Byline: Anne Schmitt Daily Herald Business Writer
Jack Goeken already has a title in mind for his in-progress autobiography: "They Said It Couldn't Be Done."
He's seen the incredulous stares, the "you-can't-do-that" looks. He's heard the "buts" and the "that's-never-been-dones" faced by a man who's had ideas that others dismiss as too difficult or plain crazy, like the time he wanted to start a phone company - MCI - to compete with AT&T.
But the fun part for Goeken, and now his daughter and son-in-law Sandra and Paul Goeken Martis, always has been building companies from nothing, nurturing their early growth, then selling them as established businesses.
It's also where the biggest returns are.
"If you come up with something new that nobody has, you have a pretty good market to start with," Goeken said.
Those businesses have had mixed results once they were sold.
MCI has flourished since Goeken parted with the company in 1975 and now has revenue of some $12 billion.
Goeken's In-Flight Phone, on the other hand, has struggled. The company filed for bankruptcy in January and has slashed its work force.
In-Flight tried to differentiate itself from its rivals by offering interactive entertainment and news, rather than just phone service. But it didn't sign up airline customers at its competitors' pace. The service also lost customers because of technical glitches.
"They didn't want to talk to me," Goeken said. "I felt real bad it ended up like that. In my mind, they had a potential there that was really great."
Goeken's current ventures don't have the David-and-Goliath quality of his fight to create Microwave Communications Inc., now MCI, in the early 1960s. But neither has he abandoned the general MCI strategy: build up a company around infant technology that satisfies an unmet consumer need.
The newest businesses, being developed by The Goeken Group in a Naperville office building, include a wireless communications software company, a mayday service, an emergency medical information service and a distributor of illuminated safety clothing.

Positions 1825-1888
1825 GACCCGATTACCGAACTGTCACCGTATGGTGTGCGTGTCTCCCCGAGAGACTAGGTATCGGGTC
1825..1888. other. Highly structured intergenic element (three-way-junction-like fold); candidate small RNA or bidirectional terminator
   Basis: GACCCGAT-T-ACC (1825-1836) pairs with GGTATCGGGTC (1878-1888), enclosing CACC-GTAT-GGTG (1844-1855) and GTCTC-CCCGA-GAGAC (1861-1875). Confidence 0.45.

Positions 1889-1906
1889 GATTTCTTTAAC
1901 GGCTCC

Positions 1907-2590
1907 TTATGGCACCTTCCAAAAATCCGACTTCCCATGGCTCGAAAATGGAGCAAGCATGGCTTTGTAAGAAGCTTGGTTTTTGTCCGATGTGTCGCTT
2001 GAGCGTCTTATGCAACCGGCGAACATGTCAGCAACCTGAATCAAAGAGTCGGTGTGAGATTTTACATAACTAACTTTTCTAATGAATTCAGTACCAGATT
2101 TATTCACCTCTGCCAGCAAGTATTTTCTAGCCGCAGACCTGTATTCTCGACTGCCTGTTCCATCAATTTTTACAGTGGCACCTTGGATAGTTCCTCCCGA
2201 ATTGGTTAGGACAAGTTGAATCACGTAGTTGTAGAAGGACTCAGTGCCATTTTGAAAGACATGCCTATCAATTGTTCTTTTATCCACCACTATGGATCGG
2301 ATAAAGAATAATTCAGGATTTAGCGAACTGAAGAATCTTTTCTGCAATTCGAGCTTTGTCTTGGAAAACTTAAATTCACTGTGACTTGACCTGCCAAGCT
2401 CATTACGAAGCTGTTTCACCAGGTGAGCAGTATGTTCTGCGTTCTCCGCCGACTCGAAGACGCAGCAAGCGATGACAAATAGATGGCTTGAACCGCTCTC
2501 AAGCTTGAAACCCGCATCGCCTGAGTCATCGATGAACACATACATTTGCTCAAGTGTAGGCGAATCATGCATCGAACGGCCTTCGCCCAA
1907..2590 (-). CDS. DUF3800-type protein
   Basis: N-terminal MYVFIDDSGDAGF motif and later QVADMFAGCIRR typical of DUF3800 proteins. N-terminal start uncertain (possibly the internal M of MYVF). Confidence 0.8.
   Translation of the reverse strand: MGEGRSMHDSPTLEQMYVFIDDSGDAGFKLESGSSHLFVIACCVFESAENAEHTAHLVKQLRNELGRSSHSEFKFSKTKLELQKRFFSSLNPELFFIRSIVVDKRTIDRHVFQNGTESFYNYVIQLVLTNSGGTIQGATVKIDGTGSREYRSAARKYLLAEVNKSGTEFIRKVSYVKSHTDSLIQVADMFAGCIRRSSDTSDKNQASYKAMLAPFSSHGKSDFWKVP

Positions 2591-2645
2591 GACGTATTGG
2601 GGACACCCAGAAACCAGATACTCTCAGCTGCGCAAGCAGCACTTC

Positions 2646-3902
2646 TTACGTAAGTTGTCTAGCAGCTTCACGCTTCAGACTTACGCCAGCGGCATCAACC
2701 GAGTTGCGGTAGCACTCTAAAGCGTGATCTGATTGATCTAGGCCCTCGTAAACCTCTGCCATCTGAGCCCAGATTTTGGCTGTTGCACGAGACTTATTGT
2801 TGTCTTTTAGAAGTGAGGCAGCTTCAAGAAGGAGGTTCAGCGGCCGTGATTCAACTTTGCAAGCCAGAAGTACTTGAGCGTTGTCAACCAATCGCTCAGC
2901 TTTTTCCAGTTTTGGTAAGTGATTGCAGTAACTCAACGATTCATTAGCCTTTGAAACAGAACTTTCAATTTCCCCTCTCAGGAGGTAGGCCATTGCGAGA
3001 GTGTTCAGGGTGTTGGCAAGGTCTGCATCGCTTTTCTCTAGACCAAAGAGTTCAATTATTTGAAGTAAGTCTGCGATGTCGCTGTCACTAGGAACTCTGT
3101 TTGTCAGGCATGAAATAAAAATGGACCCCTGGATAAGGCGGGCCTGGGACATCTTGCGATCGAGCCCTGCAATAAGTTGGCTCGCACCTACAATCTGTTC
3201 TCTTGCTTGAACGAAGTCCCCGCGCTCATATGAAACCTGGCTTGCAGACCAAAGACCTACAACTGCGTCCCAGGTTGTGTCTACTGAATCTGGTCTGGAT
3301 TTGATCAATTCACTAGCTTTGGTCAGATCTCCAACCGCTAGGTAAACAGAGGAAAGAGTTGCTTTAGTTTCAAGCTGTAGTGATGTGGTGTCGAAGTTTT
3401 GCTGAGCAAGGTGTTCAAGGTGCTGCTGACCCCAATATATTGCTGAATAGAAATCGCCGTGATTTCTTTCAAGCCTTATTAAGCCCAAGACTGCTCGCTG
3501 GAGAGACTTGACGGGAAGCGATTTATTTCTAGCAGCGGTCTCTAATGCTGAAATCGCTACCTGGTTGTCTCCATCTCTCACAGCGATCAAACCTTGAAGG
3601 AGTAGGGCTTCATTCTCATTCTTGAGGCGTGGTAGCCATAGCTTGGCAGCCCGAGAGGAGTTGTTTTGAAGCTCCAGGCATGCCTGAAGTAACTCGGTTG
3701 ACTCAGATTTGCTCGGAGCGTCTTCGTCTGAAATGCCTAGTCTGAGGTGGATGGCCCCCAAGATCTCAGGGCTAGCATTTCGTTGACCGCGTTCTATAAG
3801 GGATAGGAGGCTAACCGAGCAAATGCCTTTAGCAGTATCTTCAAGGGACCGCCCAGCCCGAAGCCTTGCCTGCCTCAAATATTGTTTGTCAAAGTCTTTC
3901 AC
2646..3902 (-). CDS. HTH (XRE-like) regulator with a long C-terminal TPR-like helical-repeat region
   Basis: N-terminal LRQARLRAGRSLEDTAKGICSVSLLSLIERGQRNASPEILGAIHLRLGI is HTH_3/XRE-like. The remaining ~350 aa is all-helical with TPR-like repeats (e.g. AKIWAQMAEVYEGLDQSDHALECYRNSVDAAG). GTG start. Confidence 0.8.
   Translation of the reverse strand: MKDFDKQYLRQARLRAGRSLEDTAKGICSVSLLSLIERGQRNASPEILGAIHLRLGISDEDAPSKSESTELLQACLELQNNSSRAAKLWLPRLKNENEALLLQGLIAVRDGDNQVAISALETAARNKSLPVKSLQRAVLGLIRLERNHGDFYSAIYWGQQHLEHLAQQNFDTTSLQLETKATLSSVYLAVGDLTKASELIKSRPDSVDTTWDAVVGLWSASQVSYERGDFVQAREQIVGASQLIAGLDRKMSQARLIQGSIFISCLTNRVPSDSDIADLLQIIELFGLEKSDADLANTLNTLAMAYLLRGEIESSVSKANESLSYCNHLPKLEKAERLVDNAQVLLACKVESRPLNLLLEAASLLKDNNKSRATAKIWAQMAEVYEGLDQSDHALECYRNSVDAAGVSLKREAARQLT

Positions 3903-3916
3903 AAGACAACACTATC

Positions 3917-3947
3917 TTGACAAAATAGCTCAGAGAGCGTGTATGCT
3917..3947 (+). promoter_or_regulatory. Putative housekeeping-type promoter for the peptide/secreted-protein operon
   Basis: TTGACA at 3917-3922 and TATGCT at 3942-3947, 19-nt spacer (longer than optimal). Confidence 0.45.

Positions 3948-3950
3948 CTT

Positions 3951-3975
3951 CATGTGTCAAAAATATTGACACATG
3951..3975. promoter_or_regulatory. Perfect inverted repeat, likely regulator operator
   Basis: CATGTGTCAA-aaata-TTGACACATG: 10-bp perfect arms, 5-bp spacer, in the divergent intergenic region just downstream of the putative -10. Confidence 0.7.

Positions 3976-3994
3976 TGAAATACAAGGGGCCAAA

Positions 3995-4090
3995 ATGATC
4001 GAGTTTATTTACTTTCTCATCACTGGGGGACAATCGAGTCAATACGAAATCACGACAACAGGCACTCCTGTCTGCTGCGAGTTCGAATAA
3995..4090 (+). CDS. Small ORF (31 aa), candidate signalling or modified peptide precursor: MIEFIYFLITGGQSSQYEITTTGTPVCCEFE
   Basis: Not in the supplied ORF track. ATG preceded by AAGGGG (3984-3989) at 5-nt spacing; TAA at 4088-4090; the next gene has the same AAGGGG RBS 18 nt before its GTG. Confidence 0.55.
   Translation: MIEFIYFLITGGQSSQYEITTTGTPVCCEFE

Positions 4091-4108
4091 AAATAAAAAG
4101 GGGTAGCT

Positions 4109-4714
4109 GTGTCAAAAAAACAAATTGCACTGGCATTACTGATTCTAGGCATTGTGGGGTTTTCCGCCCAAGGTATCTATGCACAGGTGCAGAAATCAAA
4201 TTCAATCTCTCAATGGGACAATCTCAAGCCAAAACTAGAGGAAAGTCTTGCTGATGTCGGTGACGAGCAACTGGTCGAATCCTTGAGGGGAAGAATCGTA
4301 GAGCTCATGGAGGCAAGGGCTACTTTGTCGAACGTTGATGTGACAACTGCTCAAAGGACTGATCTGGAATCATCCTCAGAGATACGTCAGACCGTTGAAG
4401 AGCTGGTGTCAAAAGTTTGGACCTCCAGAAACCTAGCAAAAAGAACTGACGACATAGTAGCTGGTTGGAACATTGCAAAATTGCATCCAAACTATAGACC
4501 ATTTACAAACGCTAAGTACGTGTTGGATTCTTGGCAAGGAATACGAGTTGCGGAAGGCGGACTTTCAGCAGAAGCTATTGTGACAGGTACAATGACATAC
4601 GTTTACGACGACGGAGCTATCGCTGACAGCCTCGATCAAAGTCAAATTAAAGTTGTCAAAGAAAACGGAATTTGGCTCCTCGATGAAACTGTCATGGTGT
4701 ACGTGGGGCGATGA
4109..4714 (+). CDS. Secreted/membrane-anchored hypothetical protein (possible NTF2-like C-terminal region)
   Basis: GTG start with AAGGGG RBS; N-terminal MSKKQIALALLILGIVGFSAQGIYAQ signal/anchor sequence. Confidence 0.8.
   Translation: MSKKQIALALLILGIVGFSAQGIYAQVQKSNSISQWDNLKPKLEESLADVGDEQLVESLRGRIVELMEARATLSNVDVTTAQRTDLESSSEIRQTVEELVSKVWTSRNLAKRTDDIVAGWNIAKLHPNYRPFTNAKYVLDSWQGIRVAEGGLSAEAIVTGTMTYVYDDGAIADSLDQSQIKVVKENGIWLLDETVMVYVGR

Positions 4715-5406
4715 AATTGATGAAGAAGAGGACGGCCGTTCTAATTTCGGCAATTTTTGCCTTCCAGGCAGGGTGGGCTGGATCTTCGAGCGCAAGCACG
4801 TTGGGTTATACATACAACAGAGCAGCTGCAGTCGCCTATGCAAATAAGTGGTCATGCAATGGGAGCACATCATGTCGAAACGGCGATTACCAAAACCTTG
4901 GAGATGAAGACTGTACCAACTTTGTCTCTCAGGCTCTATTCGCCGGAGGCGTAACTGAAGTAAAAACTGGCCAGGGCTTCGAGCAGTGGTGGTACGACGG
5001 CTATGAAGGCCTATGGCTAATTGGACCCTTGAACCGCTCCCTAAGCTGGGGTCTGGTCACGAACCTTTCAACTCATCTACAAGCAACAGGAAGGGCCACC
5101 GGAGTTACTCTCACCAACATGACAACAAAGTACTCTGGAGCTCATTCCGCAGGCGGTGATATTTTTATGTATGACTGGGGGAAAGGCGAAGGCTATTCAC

Wireless Works Inc. is closest to the Goekens' telecommunications roots.
Since 1995, the company has been striking deals, cementing licensing agreements or forming joint ventures with software companies developing technology for the emerging wireless telephone industry.
"What makes us unique is we find appropriate technology and the best companies that do it," said Sandra Goeken Martis.
The Goeken Group doesn't have the overhead of a company that's developing the software itself. But it can lend credibility, contacts, financial support and marketing experience to the small software companies.
"We have a more established reputation to bring to the big guys," she said.
The theory behind Wireless Works is that once the digital cellular technologies are more established, the telecommunications companies will want to be able to do more than just offer phone basic service. The Goeken Group is integrating cellular services that large communications companies will be able to offer their individual and corporate customers.
Take, for instance, Larry Dooling's Verbex Voice Systems in Edison, N.J. The company has developed speech recognition software that, when combined with cellular technology, will allow people to call their home or office computer and direct it, by voice, to look up phone numbers, place calls or read e-mail. …